HONG KONG (Reuters) - Medical sector worker Tana has attended peaceful lunchtime rallies in Hong Kong regularly for months along with thousands of others protesting Beijing’s influence and calling for greater democracy in the global financial hub.
Now, a year on from a mass rally that kicked off a large scale and often violent anti-government movement, 37-year-old Tana and her husband fear not enough has changed.
The protests succeeded in forcing a backdown by the Hong Kong government on proposed legislation that would have allowed extradition to mainland China. But a year later, authorities in Beijing are drafting national security laws that activists fear would further curb freedoms.
For Tana and her family, including a son born just before the protests began, pragmatism is beginning to trump idealism.
“I am most worried about my child,” Tana told Reuters, requesting her surname be withheld for security reasons. The family has already shifted their savings abroad, she said, and “emigration might be an option.”
Among supporters of the protest movement, feelings range from slim hope to acute fear of oppression. After a relative respite during the coronavirus outbreak, protesters are again taking to the streets against the proposed security laws. Officials have said the laws would target a small number of “troublemakers” with provisions against secession, subversion, terrorism and foreign interference.
Ng, a retired 63-year-old woman is among those looking back at the past year with pride and pledges to keep demonstrating.
“A single spark can start a huge blaze,” she said, also requesting she be identified by one name only. “The more the government suppresses us, the more resisting we become.”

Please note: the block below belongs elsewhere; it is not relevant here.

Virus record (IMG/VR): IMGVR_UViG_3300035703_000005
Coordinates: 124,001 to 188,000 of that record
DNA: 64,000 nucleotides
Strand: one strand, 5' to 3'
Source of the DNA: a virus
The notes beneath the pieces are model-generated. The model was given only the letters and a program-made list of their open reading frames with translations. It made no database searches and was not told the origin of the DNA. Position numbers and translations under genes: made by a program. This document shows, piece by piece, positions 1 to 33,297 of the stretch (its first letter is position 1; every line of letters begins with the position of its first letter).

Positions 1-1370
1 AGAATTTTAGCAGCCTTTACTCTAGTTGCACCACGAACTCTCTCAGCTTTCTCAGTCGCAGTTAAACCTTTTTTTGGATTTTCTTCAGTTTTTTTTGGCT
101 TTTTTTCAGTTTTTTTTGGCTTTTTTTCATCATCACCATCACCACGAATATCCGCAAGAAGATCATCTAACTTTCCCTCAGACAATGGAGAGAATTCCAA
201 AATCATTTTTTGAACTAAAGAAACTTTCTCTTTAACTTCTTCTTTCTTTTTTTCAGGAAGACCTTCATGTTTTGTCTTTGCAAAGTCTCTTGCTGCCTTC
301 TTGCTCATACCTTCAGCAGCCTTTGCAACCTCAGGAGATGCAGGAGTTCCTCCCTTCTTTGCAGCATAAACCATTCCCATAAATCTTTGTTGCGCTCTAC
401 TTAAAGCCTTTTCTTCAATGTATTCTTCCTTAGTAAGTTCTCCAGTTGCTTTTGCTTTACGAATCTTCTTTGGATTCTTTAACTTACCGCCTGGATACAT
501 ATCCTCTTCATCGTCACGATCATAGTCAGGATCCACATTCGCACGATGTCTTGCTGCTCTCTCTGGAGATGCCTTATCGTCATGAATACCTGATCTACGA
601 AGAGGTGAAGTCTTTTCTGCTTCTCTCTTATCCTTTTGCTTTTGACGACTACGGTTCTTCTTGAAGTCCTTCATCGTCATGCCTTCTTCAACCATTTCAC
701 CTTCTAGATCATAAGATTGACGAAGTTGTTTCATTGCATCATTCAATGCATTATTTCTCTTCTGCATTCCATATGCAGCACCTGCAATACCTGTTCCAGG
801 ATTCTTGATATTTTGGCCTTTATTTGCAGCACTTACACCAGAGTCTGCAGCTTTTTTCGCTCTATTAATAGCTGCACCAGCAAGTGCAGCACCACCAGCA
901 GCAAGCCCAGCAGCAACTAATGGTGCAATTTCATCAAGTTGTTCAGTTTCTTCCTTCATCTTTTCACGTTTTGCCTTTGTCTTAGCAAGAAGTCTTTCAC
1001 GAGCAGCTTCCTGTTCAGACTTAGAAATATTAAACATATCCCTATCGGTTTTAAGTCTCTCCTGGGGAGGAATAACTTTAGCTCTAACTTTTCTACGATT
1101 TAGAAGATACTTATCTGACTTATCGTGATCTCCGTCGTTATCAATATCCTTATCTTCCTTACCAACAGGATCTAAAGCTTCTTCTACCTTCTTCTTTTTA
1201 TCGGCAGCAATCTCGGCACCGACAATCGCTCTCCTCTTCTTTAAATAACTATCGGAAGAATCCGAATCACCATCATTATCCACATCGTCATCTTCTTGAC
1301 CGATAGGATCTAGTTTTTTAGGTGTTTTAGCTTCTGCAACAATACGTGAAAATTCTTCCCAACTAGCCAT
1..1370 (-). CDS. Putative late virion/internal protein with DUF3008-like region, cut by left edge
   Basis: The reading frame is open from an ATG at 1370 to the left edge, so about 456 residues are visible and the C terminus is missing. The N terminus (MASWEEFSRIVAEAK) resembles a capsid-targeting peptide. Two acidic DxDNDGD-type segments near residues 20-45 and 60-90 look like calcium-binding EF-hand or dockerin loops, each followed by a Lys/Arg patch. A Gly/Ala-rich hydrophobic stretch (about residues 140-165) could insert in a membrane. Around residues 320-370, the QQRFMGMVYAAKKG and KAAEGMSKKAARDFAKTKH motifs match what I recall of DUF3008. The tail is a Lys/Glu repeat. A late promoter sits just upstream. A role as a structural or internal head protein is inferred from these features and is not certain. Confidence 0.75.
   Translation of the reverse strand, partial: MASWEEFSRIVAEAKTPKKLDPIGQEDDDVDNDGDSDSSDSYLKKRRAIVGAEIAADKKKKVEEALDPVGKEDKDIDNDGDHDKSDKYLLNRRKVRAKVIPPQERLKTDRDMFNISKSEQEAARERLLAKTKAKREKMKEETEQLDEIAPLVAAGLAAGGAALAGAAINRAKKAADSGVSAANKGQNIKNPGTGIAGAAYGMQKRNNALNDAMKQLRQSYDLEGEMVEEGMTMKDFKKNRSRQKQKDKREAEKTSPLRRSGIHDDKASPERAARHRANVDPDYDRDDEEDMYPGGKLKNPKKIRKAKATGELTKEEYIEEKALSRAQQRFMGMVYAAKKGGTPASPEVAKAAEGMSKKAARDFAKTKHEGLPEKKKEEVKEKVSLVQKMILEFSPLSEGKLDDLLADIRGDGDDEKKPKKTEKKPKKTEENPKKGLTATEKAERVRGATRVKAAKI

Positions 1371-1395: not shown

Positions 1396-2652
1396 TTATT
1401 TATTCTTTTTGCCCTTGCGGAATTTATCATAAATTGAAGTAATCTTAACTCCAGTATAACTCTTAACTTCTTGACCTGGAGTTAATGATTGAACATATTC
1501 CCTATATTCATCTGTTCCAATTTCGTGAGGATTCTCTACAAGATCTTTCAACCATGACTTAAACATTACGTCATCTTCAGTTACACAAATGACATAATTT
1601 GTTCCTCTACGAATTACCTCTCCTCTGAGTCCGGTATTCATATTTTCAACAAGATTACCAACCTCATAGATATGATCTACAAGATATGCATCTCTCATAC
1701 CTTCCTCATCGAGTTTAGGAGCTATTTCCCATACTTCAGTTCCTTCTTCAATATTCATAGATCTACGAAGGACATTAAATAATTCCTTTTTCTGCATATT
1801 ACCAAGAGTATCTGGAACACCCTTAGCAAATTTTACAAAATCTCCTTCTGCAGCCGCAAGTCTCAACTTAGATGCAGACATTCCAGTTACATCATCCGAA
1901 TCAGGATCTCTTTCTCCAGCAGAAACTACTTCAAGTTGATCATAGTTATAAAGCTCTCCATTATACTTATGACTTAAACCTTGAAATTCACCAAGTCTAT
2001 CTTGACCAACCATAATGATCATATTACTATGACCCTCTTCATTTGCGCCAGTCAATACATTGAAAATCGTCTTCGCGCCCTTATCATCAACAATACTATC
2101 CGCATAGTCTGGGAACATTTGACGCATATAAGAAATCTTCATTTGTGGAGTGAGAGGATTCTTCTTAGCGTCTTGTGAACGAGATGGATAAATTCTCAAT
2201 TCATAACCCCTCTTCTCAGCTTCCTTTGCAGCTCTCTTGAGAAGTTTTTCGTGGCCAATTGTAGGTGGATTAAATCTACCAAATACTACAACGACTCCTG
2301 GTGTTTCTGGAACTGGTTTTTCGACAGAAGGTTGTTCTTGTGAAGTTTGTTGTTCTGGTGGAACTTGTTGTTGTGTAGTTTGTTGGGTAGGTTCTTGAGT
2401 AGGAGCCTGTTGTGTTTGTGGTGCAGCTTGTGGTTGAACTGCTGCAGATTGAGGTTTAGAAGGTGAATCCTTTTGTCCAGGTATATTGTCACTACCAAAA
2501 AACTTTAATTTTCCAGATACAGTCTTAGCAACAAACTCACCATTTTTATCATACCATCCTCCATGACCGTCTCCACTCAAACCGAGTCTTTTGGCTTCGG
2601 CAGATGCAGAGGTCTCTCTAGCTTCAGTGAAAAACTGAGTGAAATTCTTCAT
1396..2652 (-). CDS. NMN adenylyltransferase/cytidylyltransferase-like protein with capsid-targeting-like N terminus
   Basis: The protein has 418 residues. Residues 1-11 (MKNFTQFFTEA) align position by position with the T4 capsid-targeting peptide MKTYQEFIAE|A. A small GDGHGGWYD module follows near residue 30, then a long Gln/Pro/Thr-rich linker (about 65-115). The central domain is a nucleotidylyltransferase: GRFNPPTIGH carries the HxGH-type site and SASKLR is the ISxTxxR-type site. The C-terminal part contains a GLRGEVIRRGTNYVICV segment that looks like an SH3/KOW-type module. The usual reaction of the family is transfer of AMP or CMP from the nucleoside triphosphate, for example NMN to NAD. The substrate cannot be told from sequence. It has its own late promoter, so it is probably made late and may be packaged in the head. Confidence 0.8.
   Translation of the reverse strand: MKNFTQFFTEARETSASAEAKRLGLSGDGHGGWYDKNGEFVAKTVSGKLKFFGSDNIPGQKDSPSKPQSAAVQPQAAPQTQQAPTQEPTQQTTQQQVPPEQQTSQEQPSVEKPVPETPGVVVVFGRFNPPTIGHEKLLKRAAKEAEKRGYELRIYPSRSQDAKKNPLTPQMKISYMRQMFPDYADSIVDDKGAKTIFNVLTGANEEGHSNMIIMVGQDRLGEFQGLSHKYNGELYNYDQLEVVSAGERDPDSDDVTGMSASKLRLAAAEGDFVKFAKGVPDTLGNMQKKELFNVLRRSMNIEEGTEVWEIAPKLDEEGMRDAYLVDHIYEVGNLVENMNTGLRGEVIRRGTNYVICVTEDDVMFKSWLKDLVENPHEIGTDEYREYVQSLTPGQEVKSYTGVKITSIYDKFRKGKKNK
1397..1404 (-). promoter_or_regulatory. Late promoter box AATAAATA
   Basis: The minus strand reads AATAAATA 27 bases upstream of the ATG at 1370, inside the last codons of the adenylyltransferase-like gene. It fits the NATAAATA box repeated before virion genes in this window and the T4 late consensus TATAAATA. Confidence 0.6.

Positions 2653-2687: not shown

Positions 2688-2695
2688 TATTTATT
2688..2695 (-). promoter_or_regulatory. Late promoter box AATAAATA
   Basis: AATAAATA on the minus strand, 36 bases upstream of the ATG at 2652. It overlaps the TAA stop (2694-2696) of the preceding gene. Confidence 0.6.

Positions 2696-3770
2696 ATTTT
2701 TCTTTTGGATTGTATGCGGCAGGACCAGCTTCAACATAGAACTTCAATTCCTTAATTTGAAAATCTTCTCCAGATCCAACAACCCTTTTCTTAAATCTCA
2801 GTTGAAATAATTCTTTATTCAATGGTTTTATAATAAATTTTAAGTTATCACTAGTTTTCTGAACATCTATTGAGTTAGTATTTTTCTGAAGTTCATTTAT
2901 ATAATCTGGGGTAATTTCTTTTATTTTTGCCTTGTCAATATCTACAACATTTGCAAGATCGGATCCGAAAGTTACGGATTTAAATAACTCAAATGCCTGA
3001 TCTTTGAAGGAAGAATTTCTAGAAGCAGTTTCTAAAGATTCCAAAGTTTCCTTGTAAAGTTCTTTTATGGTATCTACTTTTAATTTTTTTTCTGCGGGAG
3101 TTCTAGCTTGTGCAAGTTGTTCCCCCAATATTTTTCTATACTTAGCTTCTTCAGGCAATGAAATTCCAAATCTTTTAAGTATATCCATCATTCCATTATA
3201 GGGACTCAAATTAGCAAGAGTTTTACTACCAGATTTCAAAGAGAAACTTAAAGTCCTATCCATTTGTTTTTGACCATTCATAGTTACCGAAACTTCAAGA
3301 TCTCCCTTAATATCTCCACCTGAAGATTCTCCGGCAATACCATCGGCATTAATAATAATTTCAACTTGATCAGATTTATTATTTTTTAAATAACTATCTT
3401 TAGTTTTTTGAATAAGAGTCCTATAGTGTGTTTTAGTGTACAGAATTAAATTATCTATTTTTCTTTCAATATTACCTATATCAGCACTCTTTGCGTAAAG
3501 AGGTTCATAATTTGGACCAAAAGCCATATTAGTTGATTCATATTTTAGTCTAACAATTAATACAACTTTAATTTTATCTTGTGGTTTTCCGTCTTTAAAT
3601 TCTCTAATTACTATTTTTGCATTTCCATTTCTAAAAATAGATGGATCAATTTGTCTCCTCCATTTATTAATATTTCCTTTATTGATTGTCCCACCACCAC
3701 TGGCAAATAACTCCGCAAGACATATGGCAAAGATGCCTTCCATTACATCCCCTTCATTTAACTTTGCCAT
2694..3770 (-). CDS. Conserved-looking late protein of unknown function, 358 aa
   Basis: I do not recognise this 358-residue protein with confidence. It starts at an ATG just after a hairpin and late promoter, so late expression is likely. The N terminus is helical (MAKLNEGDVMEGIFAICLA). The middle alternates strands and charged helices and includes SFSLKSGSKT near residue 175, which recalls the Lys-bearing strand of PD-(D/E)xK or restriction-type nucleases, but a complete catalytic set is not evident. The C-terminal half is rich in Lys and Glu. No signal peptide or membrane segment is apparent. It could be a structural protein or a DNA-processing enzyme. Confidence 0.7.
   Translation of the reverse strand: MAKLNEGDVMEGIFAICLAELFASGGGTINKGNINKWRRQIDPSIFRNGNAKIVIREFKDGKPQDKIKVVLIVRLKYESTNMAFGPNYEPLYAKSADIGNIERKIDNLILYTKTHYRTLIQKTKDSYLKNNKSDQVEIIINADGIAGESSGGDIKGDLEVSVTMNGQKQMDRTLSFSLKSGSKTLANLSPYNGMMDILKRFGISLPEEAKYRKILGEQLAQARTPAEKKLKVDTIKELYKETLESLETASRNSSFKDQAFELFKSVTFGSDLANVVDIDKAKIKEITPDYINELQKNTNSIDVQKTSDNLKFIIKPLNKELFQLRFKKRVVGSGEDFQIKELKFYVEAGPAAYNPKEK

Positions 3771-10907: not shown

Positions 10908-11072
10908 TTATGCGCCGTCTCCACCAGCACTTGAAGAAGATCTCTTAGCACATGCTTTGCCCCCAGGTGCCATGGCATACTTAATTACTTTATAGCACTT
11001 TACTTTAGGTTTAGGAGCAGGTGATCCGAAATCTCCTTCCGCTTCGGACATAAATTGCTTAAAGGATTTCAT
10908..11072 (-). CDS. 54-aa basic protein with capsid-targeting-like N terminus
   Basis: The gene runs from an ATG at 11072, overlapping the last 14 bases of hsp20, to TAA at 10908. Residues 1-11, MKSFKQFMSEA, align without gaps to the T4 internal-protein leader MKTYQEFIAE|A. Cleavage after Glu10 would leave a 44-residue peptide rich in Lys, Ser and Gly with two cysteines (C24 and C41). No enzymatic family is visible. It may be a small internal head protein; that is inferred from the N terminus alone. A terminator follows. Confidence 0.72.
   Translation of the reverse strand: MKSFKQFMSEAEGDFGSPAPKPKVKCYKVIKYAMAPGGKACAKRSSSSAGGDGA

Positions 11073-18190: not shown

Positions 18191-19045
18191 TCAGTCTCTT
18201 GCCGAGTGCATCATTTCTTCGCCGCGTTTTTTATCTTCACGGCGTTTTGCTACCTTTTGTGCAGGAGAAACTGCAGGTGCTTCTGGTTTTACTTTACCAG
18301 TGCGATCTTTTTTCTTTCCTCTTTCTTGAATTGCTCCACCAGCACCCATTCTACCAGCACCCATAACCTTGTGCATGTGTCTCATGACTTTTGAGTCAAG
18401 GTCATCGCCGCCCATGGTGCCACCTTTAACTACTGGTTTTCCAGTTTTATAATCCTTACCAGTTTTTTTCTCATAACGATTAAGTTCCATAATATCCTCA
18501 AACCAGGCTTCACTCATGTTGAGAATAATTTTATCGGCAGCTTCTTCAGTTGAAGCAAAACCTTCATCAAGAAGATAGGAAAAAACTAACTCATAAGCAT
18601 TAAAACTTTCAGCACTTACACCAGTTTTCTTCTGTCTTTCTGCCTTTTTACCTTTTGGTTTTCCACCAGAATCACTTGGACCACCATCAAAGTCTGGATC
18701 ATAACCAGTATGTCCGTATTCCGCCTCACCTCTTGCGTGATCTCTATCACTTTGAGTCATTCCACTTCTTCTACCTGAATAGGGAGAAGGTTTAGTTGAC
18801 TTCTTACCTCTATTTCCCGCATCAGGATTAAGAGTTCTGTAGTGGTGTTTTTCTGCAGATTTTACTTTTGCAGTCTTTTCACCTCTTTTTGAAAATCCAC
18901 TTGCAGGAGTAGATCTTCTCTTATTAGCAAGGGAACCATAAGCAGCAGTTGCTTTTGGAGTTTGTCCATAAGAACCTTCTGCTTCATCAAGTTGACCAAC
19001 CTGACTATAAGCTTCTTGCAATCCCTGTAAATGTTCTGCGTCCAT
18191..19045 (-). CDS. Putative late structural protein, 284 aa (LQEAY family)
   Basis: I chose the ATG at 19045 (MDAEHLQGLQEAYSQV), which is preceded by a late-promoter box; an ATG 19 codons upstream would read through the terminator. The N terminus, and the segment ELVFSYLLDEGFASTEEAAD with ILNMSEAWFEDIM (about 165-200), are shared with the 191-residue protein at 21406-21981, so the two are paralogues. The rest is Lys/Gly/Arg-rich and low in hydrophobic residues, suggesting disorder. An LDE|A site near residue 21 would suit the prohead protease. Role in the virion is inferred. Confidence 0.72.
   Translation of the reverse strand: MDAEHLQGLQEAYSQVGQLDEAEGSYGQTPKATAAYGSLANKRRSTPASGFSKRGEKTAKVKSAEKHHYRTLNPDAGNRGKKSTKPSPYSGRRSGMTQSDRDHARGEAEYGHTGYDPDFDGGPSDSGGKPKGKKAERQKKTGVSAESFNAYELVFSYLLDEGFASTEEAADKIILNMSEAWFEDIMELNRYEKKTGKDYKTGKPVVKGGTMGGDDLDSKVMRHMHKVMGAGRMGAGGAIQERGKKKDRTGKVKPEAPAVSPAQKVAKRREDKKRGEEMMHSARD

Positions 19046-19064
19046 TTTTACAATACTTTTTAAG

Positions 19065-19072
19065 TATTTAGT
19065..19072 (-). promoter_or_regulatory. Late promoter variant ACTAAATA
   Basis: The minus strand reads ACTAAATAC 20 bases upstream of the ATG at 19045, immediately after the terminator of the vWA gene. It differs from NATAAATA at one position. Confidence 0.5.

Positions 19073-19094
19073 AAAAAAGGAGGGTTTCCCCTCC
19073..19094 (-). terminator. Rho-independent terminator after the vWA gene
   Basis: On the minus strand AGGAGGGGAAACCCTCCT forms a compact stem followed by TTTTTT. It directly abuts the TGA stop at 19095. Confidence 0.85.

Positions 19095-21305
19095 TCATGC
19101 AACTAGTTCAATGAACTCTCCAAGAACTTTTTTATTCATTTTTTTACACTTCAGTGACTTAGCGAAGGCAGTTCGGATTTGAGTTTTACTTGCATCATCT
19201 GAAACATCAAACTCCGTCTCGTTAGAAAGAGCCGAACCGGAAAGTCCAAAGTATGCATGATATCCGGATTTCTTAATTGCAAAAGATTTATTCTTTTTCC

David, 22, who works in insurance and declined to give his surname, said a mix of violent and peaceful tactics was needed for international attention.
David said he “sometimes felt overwhelmed with fear” when he helped at rallies by mixing petrol bombs and disabling tear gas canisters, but he felt compelled to continue.
Demonstrations have often turned violent, with protesters blocking roads, vandalising shops perceived to have pro-Beijing links and throwing bricks and molotovs at the police, who have responded with tear gas and rubber bullets.
Isaiah Choy, who studies in Britain but came back last year to take part in peaceful protests, said violent tactics should be abandoned. The 21-year-old said he is frustrated with Hong Kong being treated as a “pawn” in U.S.- China conflicts.
Washington, which has traded barbs with Beijing over trade, the coronavirus pandemic and other issues, says China has quashed the high degree of autonomy that Hong Kong was promised for at least 50 years when it returned from British to Chinese rule in 1997. Beijing has dismissed the claim and urged Washington not to meddle.
The protests have strong support among Hong Kong’s 7.5 million people, according to opinion polls, with about one third of the population opposed.
Keung, 50, said he supported national security laws and hoped the pro-democracy movement “will end soon because evil can never prevail over good.”
“It is normal for the government to set up laws to tighten its grip when people are violating the previous ones,” Keung, who also gave one name only, told Reuters.
Others vow to continue to protest for as long as it takes.
Sixty-four-year-old retiree Fu has embraced the often chanted slogan “if we burn, you burn with us,” referring to the belief that as a magnet for global capital, Hong Kong is the goose that lays the golden eggs for the mainland economy.
Fu said he has lost many childhood friends because of his position, but he has no regrets: “I am a die hard fan of mutual destruction and Hong Kong independence.”
Writing by Marius Zaharia; editing by Jane Wardell
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